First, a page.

NIOSH director to keynote CleanRooms CCT 2006

Safe advancement of nanotechnology will be addressed

Dr. John Howard, director of the National Institute for Occupational Safety and Health (NIOSH) within the Centers for Disease Control and Prevention (CDC), will deliver the keynote address to the 2006 CleanRooms Contamination Control Technology (CCT) Conference & Exhibition being held March 15-16 in Boston, Mass.

Dr. John Howard, director of the National Institute for Occupational Safety and Health (NIOSH), will keynote the CleanRooms CCT conference in Boston.
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“I can think of no one more appropriate or compelling than Dr. Howard to address our conference this year,” says John Haystead, chairman of the CleanRooms Conference Steering Committee. “This year’s conference highlights the critical role that contamination-control technology plays in providing for the safe advancement of nanotechnology and in the safe and efficient manufacture of nanotechnology-based products across a wide range of industries. And, as Dr. Howard clearly states in his message introducing NIOSH’s Approaches to Safe Nanotechnology: An Information Exchange with NIOSH, ‘It is imperative that the scientific community come together to advance our understanding of nanotechnology and its implications in the workplace.’”

The NIOSH document has been developed to provide a resource for stakeholders who wish to understand more about the safety and health applications and implications of nanotechnology in the workplace. Accordingly, the agency expects it to be of particular interest to:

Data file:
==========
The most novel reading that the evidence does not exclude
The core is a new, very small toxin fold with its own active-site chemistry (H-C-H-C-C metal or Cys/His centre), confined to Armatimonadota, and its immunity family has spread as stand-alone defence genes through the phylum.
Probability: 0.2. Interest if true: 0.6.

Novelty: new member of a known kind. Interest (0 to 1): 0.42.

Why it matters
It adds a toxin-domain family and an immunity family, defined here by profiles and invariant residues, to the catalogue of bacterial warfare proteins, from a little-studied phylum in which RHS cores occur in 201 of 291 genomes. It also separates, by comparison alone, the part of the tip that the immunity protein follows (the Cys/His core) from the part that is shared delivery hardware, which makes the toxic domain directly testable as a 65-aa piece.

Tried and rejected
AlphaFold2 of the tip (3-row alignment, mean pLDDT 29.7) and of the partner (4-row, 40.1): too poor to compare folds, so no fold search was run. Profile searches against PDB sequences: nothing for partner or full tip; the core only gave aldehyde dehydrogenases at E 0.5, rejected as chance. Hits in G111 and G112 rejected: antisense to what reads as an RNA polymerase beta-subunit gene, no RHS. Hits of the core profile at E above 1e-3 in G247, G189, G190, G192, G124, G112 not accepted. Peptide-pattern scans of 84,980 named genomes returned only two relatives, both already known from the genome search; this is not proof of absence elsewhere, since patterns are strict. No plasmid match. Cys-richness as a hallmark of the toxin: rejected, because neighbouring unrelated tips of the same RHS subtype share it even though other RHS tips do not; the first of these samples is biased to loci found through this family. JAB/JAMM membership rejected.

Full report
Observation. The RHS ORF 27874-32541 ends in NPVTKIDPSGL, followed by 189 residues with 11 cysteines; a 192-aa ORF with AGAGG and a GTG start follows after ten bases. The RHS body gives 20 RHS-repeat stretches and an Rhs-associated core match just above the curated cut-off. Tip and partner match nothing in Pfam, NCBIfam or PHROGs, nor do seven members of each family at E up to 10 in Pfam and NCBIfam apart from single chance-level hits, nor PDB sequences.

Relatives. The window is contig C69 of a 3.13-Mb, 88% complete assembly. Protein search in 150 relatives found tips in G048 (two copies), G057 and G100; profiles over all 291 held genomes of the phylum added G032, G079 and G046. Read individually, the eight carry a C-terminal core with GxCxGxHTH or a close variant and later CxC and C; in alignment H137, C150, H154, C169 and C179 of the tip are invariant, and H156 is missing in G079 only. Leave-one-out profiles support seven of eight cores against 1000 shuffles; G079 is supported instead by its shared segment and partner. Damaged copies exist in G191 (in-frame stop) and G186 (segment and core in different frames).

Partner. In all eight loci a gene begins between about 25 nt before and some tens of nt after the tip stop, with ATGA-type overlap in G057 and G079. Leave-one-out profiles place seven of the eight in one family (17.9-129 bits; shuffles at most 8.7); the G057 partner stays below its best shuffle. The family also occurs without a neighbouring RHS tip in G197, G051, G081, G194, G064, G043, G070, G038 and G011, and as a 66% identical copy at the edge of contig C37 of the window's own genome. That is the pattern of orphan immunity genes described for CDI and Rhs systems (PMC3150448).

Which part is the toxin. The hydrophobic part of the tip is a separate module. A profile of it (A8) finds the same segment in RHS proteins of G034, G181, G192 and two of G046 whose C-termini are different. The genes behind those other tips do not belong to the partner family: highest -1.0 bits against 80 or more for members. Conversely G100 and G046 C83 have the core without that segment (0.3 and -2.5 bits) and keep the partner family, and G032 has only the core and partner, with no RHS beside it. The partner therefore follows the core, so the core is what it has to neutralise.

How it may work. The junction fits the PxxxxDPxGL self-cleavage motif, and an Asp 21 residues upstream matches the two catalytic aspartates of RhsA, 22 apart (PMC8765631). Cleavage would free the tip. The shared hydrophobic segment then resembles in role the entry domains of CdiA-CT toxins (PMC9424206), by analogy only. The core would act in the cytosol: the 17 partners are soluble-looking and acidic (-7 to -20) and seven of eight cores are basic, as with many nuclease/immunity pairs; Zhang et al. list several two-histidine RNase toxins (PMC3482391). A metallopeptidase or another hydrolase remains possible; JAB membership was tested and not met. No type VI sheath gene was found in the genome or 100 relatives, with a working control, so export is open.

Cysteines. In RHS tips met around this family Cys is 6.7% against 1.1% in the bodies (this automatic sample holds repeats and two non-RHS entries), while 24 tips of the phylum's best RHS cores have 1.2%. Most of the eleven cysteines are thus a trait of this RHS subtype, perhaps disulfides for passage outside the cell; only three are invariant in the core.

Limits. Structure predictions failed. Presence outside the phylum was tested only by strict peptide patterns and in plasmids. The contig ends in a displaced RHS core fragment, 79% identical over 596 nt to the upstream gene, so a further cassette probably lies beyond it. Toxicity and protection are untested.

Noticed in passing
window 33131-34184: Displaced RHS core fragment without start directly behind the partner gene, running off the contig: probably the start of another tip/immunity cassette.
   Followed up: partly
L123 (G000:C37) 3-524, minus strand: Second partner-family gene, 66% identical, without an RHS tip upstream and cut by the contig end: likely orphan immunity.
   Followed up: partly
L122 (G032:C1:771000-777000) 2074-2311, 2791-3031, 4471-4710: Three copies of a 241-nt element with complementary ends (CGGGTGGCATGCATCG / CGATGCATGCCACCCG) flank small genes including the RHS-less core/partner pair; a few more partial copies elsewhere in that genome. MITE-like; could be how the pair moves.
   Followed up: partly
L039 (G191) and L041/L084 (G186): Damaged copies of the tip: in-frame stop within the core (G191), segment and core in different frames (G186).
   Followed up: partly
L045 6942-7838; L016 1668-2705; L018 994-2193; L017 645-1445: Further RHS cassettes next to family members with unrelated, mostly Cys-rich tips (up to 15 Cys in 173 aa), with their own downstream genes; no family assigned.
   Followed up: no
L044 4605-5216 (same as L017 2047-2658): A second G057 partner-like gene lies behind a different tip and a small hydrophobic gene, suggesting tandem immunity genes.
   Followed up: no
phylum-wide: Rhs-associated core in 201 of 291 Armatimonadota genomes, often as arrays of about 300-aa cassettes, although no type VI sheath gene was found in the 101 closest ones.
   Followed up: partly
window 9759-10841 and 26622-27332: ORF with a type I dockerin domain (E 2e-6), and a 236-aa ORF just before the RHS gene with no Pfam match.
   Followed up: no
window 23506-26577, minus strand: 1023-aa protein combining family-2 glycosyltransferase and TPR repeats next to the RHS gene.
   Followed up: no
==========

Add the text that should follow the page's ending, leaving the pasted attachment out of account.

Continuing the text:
• Those tasked with understanding how nanotechnology may affect occupational health and devising strategies for working safely with nanomaterials.
  • Researchers working with or planning to work with engineered nanomaterials.
  • Policy- and decision-makers in government agencies and industry.
  • Risk-evaluation professionals.
  • People working with or potentially exposed to engineered nanomaterials in the workplace.

Haystead points out that the scientists, engineers and technicians who make up the contamination-control profession are uniquely positioned to expedite this education process. “Not only is the community composed of professionals with expertise in materials, facility design, process engineering, personnel safety, packaging, and monitoring and reporting technology, but it also represents a host of user industries as well as academicians and regulatory authorities. We believe the CleanRooms CCT Conference offers a unique forum to reach out and connect to these experts and centers of expertise.”

NIOSH’s Howard agrees: “This is an extremely appropriate group to describe and advance NIOSH’s ongoing activities in raising awareness of potential safety and health concerns from exposure to nanomaterials.”

Prior to his appointment as director of NIOSH, Dr. Howard served as chief of the Division of Occupational Safety and Health in the California Department of Industrial Relations from 1991 through 2002. He received his Doctor of Medicine from Loyola University of Chicago in 1974, his Master of Public Health from the Harvard School of Public Health in 1982, his Doctor of Law from the University of California at Los Angeles in 1986, and his Master of Law in Administrative Law from the George Washington University in Washington, D.C., in 1987.

Dr. Howard is board-certified in internal medicine and occupational medicine. He is admitted to the practice of medicine and law in the State of California and in the District of Columbia, and he is a member of the U.S. Supreme Court bar. He has written numerous articles on occupational-health law and policy.


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